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Prayer for Forgiveness of Sins.
A song of degrees, known of old as De Profundis, from its opening words in the Latin version, a sinner's cry to Jehovah for forgiveness and mercy.
v. 1. Out of the depths have I cried unto Thee, O Lord, these depths being those of sin with its resulting distress, calamity, and peril, represented by an abyss of deep waters, whose waves have passed over the writer.
v. 2. Lord, hear my voice, the appeal being to the All-powerful to grant deliverance; let Thine ears be attentive to the voice of my supplications, in a careful and merciful attention to his pleading.
v. 3. If Thou, Lord, shouldest mark iniquities, observing them, bearing them in mind, imputing them to the sinner, O Lord, who shall stand? No human being could stand up fearlessly before the all-seeing eye of the All-powerful, the great Judge of all the earth, the consciousness of guilt rather causing every person in the world to sink to the ground before the Lord in the most severe self-condemnation. The verse expresses in the strongest possible manner the utter impossibility of any man to stand before Jehovah in his own merit and righteousness.
v. 4. But there is forgiveness with Thee, the unmerited grace and mercy of the Lord being the only hope of sinful mortals, their only chance of deliverance and salvation, that Thou mayest be feared, for the assurance of God's mercy, far from producing a feeling of smug satisfaction and licentious leanings, rather makes for holiness. It is not that the believers who are assured of the forgiveness of the Lord presume upon His mercy, but that they walk before Him with all the greater awe.
v. 5. I wait for the Lord, in confident expectation of His deliverance and assistance, my soul doth wait, with all the intensity of a painful longing, and in His Word do I hope, relying upon the promises there set forth.
v. 6. My soul waiteth for the Lord, turned in longing toward the All-powerful, more than they that watch for the morning, those unable to rest on account of illness or misery, in whose case the rising of the dawn will be a release from pain; I say, more than they that watch for the morning, the repetition again emphasizing the eager longing of the heart anxious to see the deliverance of the Lord. The psalmist is sure that redemption will be forthcoming, not only for him, but for all the faithful.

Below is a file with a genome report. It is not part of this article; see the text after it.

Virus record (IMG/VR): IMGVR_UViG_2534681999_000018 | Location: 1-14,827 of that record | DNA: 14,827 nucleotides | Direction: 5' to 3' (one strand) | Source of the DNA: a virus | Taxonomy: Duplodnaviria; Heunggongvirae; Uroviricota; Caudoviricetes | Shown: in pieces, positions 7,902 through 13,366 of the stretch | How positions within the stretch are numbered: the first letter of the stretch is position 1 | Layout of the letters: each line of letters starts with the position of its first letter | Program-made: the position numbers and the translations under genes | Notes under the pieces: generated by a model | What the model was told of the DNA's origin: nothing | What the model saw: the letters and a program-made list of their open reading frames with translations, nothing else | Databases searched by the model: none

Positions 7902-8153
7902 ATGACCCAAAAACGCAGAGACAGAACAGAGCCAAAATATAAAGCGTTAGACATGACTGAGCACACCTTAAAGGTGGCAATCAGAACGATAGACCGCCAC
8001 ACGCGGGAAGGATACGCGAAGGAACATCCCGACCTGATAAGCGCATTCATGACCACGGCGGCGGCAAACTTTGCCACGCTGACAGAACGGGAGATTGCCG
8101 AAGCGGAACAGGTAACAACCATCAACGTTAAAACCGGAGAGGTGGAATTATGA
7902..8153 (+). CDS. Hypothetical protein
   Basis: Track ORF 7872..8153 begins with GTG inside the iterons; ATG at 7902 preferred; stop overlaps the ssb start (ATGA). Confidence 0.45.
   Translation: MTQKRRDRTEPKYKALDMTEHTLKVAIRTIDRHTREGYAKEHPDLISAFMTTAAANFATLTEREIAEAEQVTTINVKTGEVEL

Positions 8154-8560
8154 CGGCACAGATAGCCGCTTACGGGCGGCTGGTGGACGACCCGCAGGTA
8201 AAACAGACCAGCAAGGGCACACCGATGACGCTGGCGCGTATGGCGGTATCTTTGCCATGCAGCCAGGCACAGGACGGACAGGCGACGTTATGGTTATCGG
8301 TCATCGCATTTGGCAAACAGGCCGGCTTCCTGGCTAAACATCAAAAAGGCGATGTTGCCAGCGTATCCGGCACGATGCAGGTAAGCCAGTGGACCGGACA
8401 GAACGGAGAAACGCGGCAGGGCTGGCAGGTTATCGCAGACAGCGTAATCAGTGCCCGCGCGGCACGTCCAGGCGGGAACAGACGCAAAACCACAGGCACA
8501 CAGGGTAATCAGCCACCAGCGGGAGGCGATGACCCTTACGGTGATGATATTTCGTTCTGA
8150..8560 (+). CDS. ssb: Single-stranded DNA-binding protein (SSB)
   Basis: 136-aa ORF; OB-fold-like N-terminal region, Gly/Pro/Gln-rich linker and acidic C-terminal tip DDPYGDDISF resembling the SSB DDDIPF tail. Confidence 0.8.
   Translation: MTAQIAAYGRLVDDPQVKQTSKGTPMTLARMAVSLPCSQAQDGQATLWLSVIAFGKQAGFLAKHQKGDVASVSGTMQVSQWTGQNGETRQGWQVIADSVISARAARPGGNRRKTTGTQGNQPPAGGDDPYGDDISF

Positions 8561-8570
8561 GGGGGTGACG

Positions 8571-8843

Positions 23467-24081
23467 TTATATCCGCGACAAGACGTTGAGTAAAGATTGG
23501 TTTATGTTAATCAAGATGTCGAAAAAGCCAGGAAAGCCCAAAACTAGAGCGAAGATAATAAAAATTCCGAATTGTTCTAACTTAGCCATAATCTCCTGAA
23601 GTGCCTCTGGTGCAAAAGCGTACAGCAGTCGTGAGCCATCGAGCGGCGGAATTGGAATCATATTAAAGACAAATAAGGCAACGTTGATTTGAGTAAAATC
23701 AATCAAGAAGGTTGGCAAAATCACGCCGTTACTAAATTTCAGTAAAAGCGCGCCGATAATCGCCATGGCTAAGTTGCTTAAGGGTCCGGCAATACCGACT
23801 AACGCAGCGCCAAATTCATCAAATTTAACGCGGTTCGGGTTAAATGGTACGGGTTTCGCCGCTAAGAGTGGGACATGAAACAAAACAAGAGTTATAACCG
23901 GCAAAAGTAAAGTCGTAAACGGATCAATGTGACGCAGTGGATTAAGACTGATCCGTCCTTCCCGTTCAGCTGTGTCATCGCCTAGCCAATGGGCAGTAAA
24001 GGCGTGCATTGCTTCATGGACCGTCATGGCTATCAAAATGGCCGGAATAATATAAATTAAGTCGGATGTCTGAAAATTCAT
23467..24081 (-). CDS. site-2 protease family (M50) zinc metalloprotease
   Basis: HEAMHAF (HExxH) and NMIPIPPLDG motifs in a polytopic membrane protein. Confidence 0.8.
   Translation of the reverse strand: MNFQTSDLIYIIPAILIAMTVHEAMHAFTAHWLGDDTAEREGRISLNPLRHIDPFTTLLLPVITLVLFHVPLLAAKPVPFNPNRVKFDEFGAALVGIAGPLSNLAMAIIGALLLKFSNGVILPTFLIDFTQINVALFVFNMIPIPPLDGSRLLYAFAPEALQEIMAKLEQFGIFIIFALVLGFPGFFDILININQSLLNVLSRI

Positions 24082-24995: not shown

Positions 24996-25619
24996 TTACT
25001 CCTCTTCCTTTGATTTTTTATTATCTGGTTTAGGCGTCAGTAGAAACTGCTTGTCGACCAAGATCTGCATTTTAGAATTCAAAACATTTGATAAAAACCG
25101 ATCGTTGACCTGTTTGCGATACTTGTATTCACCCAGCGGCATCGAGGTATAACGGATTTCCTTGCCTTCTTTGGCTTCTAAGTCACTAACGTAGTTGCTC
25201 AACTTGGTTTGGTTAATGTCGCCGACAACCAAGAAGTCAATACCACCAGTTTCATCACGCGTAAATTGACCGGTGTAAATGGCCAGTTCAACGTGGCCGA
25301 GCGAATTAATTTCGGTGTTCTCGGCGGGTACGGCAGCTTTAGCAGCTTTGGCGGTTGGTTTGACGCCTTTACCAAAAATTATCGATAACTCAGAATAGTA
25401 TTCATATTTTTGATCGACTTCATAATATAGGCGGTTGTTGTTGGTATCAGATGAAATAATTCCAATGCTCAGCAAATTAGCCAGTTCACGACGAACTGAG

v. 7. Let Israel hope in the Lord, waiting for salvation from Him; for with the Lord there is mercy, He is the only One able to dispense redemption, and with Him is plenteous redemption, mercy in all its fullness, enough for the sins of the whole world. Where sin abounded, grace did much more abound. Romans 3:20.
v. 8. And He shall redeem Israel from all his iniquities, the prophet here looking forward to the propitiation of Christ, whereby He earned and obtained eternal redemption for us, Hebrews 9:12. Cf Luke 1:68-75; 2 Timothy 4:18, this redemption being transmitted to us by faith.
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Kretzmann, Paul E. Ph. D., D. D. "Commentary on Psalms 130". "Kretzmann's Popular Commentary". https://studylight.org/
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